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Amazon staffers fear ‘Vesta’ robot will be a flop: report

Amazon is getting closer to unleashing its Alexa-powered home robot — but some staffers working on it reportedly fear it will be an expensive flop.

The tech titan has more than 800 employees working on the highly secretive “Vesta,” a Roomba-like device that will be able to roll around a home by following the owner’s voice commands, according to Insider.

But development delays and “shifting strategies” have some staffers worried it could end up being an expensive niche product that few people will want to buy, the outlet reported Tuesday, citing six people directly involved in the project.

“People are very skeptical — we’re worried it could turn into another Fire Phone,” one source told Insider, referring to the unsuccessful smartphone on which Amazon took a $170 million write-down in 2014, the year it was released.

Dave Limp unveiling new Amazon devices in 2019.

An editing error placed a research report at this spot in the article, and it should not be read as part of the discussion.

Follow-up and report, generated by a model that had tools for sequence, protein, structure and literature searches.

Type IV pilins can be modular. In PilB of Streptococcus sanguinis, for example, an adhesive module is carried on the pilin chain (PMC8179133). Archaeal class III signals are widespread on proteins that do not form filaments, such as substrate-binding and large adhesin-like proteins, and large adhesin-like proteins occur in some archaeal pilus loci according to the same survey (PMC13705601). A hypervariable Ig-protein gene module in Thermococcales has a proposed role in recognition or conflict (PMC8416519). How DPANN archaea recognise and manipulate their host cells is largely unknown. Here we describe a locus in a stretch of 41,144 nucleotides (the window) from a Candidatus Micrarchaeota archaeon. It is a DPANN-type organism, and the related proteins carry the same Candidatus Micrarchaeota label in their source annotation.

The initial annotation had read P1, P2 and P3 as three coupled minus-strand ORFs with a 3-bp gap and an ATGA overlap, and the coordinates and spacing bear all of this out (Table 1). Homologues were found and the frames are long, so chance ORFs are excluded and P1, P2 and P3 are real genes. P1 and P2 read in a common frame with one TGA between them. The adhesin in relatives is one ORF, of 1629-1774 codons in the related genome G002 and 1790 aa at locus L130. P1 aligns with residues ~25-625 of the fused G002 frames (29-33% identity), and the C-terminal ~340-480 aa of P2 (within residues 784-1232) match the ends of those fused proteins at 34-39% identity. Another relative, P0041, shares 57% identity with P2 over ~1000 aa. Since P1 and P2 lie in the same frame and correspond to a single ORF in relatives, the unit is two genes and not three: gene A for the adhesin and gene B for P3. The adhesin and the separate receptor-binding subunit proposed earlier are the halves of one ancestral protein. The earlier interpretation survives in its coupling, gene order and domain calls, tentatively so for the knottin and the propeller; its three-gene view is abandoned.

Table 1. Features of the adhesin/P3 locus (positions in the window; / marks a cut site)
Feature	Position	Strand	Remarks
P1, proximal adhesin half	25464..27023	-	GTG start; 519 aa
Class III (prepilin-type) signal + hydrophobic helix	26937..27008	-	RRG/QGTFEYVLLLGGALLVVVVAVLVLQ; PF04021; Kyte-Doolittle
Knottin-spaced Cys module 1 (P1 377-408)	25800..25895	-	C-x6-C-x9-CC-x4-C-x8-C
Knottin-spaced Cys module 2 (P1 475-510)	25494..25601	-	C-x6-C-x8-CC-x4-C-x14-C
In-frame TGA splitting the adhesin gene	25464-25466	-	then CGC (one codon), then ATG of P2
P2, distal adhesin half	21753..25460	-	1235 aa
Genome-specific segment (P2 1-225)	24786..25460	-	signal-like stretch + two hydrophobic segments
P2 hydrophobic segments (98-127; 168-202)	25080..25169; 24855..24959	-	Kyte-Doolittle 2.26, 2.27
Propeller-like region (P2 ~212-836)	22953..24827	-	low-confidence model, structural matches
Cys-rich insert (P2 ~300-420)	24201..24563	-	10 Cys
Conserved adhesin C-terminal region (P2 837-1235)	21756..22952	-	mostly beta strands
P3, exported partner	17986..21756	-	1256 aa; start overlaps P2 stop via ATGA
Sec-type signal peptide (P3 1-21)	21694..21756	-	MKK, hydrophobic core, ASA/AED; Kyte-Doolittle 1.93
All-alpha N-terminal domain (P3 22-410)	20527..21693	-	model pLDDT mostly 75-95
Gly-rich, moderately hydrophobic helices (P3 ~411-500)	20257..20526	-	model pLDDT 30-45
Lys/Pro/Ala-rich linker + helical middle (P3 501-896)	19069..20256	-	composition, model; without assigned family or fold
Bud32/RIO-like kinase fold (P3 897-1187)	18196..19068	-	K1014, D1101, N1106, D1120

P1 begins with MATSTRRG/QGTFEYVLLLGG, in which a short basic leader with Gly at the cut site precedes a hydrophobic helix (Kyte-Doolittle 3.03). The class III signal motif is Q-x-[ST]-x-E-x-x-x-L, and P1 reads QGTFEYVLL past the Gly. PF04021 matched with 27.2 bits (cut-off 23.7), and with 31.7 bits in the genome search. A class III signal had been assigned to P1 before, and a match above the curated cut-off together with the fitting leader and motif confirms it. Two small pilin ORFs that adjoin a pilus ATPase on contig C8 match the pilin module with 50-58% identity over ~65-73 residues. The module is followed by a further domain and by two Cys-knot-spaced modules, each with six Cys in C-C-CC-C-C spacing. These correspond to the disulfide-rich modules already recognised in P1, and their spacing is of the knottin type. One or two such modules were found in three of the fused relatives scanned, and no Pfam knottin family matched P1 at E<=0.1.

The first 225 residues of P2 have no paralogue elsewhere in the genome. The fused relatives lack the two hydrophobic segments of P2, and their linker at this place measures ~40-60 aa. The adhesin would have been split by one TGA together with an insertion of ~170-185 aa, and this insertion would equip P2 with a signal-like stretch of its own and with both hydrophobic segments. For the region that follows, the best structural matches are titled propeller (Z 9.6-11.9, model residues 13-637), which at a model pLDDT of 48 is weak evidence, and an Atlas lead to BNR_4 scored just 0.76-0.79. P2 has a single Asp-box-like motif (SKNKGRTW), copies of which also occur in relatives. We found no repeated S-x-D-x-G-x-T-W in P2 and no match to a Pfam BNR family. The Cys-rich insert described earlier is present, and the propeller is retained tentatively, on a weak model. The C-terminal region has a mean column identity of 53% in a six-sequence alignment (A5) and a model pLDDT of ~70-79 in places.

Dave Limp unveiling new Amazon devices in 2019.
Bloomberg via Getty Images

Named for the Roman goddess of the hearth, Vesta has reportedly been in the works for four years under the auspices of Lab126, Amazon’s personal devices unit that created the popular Kindle e-reader and Echo personal assistant speaker.

With one prototype coming in at 10 to 13 inches wide, the gadget will likely be equipped with a screen, a microphone, several cameras and a small compartment to carry objects around, sources told Insider.

It may also come with a retractable pole-mounted camera that could help its owner find missing objects like wallets or keys, the report says.

But it’s reportedly unclear exactly how popular it might be given that its price tag could ask upwards of $1,000. Amazon is projecting low sales and may initially make Vesta a “limited invite-only product,” limiting the risk of piling up unused inventory, according to Insider.

Amazon's ubiquitous Echo Plus device
Amazon’s ubiquitous Echo Plus device
Future via Getty Images

Amazon has also tried to cut costs by moving one of its Vesta suppliers to Mexico from China, but the switch led to production issues that pushed back the gadget’s launch further, the outlet reported.

Asked about Insider’s report, an Amazon spokesperson said the company does not comment on “rumors and speculation.”


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